Research Snapshot: New Tools Could Help Prevent Relapse Behavior in Opioid Addiction
Opioid addiction is a crippling problem in society, with an estimated 9 percent of Americans abusing opiates at some point in their life. In Minnesota, opiate overdose deaths have more than tripled since 2000.
Overcoming addiction is extremely challenging, and the risk of relapse persists. A new study from the University of Minnesota Medical School’s Department of Neuroscience identified a potential target for preventing morphine relapse in mice, which brings researchers closer to providing a way for recovering addicts to stay drug-free.
The study, published this month in the Proceedings of the National Academy of Sciences (PNAS), found that manipulating activity of a certain area of the brain could repress relapse behaviors in mice, thereby blocking continued morphine use.
“We’ve identified a specific cell group involved in relapse,” said senior author Mark Thomas, Ph.D., Associate Professor in the Departments of Neuroscience and Psychology. “In our model, we prevented the opioids— in this case, morphine specifically— from triggering relapse behavior.”
The research project by Matthew Hearing, Ph.D., a postdoctoral associate in the Thomas Lab, found that two different types of dopamine-receptive neurons, referred to as D1 and D2, could be driving addictive behavior. They’re located in a part of the brain called the nucleus accumbens, which plays a role in motivation and reinforcement.
It’s believed that D1 receptors encourage rewarding behavior, while D2 stops it. In mice with repeated morphine use, researchers found that D1 activity was persistently increased while D2 activity was reduced. It indicates that these dopamine-receptor cells may trigger relapse.
“Using manipulation to retune D1, we were able to stop morphine relapse,” Thomas said.
Retuning D1 was accomplished through a method called optogenetics. Optogeneticsis a fairly new technique in which brain cells are modified to become light-sensitive. Using light rays, a physician or researcher can non-invasively alter brain activity. This was the first time optogenetics has been used as an intervention for opioid relapse. While extremely promising, optogenetics has yet to be translated to humans.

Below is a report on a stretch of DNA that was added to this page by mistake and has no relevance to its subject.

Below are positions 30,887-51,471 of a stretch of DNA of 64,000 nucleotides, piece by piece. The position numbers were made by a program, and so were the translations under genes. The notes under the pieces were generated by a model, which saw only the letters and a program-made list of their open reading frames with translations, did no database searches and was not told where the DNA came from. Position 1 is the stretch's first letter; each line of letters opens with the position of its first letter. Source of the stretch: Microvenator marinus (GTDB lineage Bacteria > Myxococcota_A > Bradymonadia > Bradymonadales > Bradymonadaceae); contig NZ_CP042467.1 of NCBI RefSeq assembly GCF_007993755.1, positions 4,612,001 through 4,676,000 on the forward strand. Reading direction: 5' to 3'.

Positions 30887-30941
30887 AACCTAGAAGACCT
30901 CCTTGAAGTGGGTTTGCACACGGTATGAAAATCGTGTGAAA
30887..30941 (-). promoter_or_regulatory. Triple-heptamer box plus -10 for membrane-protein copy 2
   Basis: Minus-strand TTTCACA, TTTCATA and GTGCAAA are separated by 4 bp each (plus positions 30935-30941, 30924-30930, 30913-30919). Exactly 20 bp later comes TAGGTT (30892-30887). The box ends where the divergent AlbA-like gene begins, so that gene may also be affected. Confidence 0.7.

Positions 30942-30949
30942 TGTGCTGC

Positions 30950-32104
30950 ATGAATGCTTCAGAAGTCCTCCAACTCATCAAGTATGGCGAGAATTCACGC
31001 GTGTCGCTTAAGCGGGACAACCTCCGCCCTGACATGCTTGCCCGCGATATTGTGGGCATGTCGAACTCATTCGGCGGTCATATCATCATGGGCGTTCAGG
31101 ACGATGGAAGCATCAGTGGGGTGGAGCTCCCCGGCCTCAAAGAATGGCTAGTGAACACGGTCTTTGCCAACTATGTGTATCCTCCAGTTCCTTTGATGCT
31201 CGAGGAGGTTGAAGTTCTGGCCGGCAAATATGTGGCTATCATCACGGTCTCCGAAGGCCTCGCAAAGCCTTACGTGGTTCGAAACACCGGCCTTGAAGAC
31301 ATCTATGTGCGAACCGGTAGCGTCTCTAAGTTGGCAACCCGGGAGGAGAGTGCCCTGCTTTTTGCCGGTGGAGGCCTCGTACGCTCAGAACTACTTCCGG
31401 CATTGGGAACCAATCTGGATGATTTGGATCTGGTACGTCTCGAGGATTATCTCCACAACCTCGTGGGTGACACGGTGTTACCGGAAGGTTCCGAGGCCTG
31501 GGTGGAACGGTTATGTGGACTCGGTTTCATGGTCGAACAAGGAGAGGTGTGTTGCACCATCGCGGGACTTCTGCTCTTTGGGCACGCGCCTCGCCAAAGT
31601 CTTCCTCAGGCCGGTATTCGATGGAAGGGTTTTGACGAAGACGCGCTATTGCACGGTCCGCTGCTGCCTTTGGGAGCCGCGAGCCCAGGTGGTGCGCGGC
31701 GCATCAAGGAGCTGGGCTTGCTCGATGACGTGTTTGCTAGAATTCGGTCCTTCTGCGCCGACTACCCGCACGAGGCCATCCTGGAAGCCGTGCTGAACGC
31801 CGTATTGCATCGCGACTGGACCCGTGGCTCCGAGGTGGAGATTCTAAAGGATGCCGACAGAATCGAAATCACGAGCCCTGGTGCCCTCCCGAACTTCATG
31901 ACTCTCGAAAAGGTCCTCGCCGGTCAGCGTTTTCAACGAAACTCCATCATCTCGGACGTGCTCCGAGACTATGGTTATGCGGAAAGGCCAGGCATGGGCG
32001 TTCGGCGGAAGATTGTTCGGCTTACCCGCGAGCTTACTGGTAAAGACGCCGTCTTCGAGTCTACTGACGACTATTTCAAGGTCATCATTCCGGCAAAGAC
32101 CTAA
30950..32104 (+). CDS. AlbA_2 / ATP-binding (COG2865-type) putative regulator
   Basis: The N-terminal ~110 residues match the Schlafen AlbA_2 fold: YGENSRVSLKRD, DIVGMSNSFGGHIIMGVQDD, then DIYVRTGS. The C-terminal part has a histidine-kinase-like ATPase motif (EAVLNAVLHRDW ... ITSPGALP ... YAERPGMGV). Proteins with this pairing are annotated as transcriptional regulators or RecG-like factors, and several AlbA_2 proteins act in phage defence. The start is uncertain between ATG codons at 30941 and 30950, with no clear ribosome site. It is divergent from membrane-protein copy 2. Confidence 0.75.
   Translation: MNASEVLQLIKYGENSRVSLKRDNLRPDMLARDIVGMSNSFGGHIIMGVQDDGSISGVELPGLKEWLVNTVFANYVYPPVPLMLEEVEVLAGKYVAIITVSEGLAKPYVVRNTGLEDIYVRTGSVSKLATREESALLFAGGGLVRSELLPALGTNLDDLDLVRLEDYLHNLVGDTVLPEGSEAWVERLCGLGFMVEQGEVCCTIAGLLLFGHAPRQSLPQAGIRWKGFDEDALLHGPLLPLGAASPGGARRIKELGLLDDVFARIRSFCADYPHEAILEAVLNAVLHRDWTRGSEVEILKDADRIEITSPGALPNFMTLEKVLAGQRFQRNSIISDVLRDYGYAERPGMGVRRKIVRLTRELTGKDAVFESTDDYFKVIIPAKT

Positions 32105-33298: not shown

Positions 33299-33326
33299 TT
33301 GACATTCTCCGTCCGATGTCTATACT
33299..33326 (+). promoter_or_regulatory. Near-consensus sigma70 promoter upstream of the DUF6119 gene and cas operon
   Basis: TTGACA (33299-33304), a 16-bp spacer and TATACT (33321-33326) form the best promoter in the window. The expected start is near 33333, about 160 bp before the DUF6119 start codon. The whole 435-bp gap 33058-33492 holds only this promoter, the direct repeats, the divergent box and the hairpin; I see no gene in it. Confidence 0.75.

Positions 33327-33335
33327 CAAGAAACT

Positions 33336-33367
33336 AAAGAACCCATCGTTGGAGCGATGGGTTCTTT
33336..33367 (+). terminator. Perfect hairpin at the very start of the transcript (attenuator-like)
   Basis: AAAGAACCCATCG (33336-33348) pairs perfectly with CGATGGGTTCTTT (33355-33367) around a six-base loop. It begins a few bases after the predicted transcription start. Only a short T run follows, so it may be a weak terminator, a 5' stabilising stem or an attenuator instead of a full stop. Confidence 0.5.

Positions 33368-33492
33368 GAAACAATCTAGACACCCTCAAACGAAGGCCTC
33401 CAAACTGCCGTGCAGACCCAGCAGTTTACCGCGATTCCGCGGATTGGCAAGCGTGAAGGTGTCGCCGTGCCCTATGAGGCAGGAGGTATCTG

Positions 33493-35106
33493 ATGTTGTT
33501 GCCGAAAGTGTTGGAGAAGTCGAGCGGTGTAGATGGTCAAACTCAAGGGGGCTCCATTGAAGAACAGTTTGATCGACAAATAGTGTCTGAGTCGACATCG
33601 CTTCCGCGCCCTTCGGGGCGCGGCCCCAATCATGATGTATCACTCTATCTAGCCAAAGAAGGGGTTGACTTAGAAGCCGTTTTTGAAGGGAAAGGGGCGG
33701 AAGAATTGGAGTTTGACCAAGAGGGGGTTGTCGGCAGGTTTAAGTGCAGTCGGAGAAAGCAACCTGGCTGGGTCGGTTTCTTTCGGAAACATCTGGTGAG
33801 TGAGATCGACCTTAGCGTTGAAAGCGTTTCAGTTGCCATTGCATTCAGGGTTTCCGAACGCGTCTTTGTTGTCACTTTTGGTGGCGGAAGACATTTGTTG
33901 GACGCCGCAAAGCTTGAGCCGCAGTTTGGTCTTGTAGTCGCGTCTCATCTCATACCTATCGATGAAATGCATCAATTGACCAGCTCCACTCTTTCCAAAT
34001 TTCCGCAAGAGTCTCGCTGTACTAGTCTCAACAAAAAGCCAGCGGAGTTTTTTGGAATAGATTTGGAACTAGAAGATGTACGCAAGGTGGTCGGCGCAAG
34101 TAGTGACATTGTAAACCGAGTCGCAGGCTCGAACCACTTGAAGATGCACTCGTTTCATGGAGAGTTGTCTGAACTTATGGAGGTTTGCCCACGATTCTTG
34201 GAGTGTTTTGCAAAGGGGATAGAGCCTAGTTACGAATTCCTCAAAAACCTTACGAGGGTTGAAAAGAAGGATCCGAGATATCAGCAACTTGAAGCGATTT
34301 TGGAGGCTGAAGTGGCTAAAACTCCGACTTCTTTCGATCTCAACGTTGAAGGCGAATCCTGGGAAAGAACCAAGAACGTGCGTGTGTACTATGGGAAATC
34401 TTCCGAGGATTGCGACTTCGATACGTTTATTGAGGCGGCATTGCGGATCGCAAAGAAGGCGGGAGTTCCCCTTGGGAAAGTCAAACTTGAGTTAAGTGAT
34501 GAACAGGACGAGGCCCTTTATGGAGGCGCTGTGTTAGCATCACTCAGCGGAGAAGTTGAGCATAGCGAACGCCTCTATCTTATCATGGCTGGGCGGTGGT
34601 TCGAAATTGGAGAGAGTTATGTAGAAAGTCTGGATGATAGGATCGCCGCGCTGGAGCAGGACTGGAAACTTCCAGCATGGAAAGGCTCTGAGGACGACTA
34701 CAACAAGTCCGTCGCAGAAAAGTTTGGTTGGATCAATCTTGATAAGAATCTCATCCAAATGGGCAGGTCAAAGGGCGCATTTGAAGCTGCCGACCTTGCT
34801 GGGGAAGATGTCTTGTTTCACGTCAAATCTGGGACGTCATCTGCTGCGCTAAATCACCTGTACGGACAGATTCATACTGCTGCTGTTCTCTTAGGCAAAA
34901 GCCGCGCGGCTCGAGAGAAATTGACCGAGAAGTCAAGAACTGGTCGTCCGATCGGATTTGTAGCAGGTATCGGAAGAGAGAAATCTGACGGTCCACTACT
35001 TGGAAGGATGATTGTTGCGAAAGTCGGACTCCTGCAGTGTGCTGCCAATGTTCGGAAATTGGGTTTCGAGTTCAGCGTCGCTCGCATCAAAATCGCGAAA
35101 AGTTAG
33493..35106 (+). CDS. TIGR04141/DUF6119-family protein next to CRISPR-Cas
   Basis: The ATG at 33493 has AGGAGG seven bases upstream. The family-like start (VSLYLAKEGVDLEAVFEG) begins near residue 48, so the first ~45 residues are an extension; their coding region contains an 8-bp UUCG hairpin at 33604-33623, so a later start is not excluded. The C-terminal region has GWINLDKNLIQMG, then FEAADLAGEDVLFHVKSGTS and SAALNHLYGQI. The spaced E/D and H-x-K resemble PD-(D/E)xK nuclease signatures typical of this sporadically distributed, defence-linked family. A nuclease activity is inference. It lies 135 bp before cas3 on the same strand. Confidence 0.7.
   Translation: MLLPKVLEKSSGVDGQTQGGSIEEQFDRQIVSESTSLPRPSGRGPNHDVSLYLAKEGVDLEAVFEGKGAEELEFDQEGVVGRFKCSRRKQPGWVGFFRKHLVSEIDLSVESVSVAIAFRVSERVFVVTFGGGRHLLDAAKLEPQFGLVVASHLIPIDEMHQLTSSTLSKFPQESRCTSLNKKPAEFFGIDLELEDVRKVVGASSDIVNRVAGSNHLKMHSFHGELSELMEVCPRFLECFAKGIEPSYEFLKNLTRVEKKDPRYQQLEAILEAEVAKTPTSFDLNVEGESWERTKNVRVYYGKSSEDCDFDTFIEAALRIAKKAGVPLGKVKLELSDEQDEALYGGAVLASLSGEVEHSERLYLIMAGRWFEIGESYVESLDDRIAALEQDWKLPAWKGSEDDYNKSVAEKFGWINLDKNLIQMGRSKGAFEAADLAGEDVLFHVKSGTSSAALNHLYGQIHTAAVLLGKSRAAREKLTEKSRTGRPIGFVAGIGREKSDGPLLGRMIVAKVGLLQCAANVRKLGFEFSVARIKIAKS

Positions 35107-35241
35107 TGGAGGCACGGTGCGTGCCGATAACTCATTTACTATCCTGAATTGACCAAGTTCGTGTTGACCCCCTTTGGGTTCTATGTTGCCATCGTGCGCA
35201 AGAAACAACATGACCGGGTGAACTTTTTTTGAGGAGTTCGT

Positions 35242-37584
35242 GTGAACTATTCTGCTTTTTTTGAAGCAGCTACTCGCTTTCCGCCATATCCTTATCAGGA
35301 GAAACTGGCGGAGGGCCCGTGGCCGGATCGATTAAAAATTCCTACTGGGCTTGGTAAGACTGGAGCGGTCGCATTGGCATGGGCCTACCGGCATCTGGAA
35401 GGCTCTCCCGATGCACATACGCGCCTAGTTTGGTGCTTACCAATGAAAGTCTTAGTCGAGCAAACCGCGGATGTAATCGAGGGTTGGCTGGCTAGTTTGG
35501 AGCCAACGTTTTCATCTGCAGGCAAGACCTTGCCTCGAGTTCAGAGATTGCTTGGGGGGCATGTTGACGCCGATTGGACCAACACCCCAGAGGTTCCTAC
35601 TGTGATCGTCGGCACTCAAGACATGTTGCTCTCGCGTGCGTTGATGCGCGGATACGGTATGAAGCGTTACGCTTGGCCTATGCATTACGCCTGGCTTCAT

Thomas’ group demonstrated that the antibiotic ceftriaxone also inhibits relapse. While consistent with previous studies, this is the first time researchers have identified ceftriaxone as preventing opiate relapse by inhibiting D1 neurons.
It’s especially crucial to study relapse, Thomas says, because time spent away from drugs reduces an addict’s drug tolerance, while the craving can remain intact. They can be drug-free for decades but the triggers will still be there.
“It’s pretty tough to prevent addiction, but maybe we can stop people from using drugs again,” Thomas said. “Our research identified a target, so let’s continue to research this and develop an intervention to prevent relapse for the millions of people suffering from addiction.”
Thomas’ team will continue to study opioid relapse. He hopes that they can also branch out in the future to apply their findings to other addictions like alcohol, nicotine or barbiturates.
This study was funded in part by the MnDRIVE initiative, which supports brain research and aims to improve the health and quality of life of Minnesotans. The National Institute on Drug Abuse also supported the study.
UMN Researchers Matthew Hearing, Jakub Jedynak, Stephanie Ebner, Anna Ingebretson, Anders Asp, Rachel Fischer, Clare Schmidt and Erin Larson all contributed to this study.